I have not read all of the malware analyses that have been done out there, but I believe they look to these servers for updates. None of these servers were responding at any point when we first looked into the malware a few days ago. Once the service that is installed is started, it will look to a file called "uregvs.nls" for its list of DDoS targets. If the system clock matches the magic time its looking for the DDoS will commence. Once the clock reaches the time at which it is to end, it will stop the DDoS.
Another file dropped by the system that we observed was called "wmcfg.exe". This file once executed also drops a dll and installs itself as as service. It immediately starts connecting out to the web on tcp port 80 with a pre-set list of update servers. The malware would look to pull a file with a ".gif" extension from the following list of hosts:
126.96.36.199 188.8.131.52 184.108.40.206 220.127.116.11 18.104.22.168 22.214.171.124 126.96.36.199 newrozfm.com
Should it succeed in getting this file, the malware will then update itself and beginning spamming itself out. These spams are constructed as follows:
You might be quick to notice a few things. The first is that the .charset is "euc-kr". Sound familiar? Next, yes there is an attachment, but no it is not malware! Convert "UmFyIRoHAM+QcwAADQAAAAAAAAA=" from base64 to ascii and you get the beginning of a .rar file header, but that is all. No magic to that. Here is a screen shot of what the e-mails look like:
Please take immediate action to clean systems on your network if you see the web and spamming activity described above!
At this point it's a mere annoyance, but the malware gets dangerous. It has been widely reported that on July 10, 2009 the malware will become destructive and destroy the PCs. This is actually fairly accurate. Should "wmcfg.exe" be executed, start, and update a new version of a filed named "wversion.exe" is placed on the system. Once executed (supposed to on July 10) this file then starts damaging the hard drive and encrypted gzipping (with a password) several file extensions on the system (correction: we have since learned from people that looked closer that these while named .gz are actually .zip files with passwords on them - perhaps done using pkzip). Notably it does this to document and web files. If the computer is rebooted it will no longer function. In our testing the system destruction did occur when the clock hit July 10, 2009 but required an reboot to start destroying the files. We are not sure if this is different in the wild. The following is a screen shot from Filemon from when "wversion.exe" was excuted:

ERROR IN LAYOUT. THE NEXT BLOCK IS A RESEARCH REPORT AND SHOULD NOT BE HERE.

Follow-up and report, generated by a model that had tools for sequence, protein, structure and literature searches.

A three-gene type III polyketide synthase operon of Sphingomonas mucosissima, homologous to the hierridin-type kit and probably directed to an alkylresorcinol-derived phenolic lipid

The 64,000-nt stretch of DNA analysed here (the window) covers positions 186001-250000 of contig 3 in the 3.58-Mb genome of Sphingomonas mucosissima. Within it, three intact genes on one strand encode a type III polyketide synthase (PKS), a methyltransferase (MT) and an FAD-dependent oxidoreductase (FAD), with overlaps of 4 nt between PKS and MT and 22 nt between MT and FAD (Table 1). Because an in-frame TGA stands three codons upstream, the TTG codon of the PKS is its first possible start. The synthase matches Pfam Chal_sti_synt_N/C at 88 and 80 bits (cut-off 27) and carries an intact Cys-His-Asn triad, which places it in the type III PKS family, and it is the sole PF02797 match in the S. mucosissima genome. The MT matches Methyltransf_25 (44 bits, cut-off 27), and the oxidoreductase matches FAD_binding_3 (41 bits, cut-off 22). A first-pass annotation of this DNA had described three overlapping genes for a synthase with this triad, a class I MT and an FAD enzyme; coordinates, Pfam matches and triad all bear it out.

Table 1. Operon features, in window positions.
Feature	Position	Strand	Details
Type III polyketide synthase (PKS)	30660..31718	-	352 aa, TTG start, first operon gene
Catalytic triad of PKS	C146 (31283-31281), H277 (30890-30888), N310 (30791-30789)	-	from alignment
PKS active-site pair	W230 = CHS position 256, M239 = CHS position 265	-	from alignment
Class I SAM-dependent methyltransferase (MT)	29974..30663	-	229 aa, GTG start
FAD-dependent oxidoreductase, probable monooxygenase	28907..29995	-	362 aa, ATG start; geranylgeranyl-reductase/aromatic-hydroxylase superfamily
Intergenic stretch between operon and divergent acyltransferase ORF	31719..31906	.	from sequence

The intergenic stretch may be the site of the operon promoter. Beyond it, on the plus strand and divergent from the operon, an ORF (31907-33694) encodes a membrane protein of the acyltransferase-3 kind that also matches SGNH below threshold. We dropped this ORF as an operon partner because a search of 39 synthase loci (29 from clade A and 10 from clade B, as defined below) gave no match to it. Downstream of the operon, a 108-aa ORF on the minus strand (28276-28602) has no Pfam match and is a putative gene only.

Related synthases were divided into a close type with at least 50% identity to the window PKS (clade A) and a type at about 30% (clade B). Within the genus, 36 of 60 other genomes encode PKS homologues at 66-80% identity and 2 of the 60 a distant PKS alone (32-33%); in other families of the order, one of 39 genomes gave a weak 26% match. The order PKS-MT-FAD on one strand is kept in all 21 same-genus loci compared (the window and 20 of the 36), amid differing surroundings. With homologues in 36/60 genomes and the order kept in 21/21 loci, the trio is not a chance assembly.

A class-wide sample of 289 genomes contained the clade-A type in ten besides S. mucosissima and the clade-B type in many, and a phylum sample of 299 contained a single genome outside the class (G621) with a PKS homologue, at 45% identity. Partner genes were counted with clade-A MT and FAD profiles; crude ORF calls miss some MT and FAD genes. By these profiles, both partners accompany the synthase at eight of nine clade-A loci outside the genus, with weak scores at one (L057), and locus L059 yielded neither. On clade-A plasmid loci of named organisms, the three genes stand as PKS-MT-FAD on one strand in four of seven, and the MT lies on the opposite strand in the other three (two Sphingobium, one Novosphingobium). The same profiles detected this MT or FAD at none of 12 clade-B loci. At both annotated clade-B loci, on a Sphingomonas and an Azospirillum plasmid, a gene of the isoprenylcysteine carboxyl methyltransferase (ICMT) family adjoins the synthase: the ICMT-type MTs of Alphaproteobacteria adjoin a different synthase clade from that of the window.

We would also like to point to a write-up done by Sang-Keun Jang from HAURI in South Korea. He has put together his report in English at the following link:
North Korea, Cyberwar, and a Somewhat Final Conclusion
First we have seen no evidence to point a finger at North Korea. How could we tell anyway without an extensive investigation and access to all kinds of logs and other data? Unless someone has a lot of extra information, this has to be pure wild speculation as well. Cyberwar? NO way! The term Cyberwar gets thrown around all the time. It's hard to define and everyone has differing views. However, I would venture to say this is far from what most people would call a Cyberwar. It is a bit closer to Cyber Terrorism but definitely not Cyberwar.
We are very interested to find out how this malware is spreading and infected so many systems. If you happen to find out and it's not main stream, please drop us a line and let us know. It is still a mystery how a botnet of this size can just appear out of the blue. It also goes to show how ill prepared many of us are to defend against DDoS attacks. Please keep an eye out in your logs for traffic to the above IP addresses and clean machines immediately if you see activity that's indicative of infection or they might lose all their data. We don't have many more updates we can share beyond what you see here.
We should like to especially thanks AhnLab for providing malware samples to be analyzed. Without that we would have only a limited amount to go on. There are also several anonymous sources that allowed us to use bits and pieces to fill in parts of this report. We would like to thank them as well. Additional we would like to thank all of the other security researchers and related parties have been and still are working these issues even though it is not required of them.
=>Posted July 10, 2009, at 12:39 PM by Steven Adair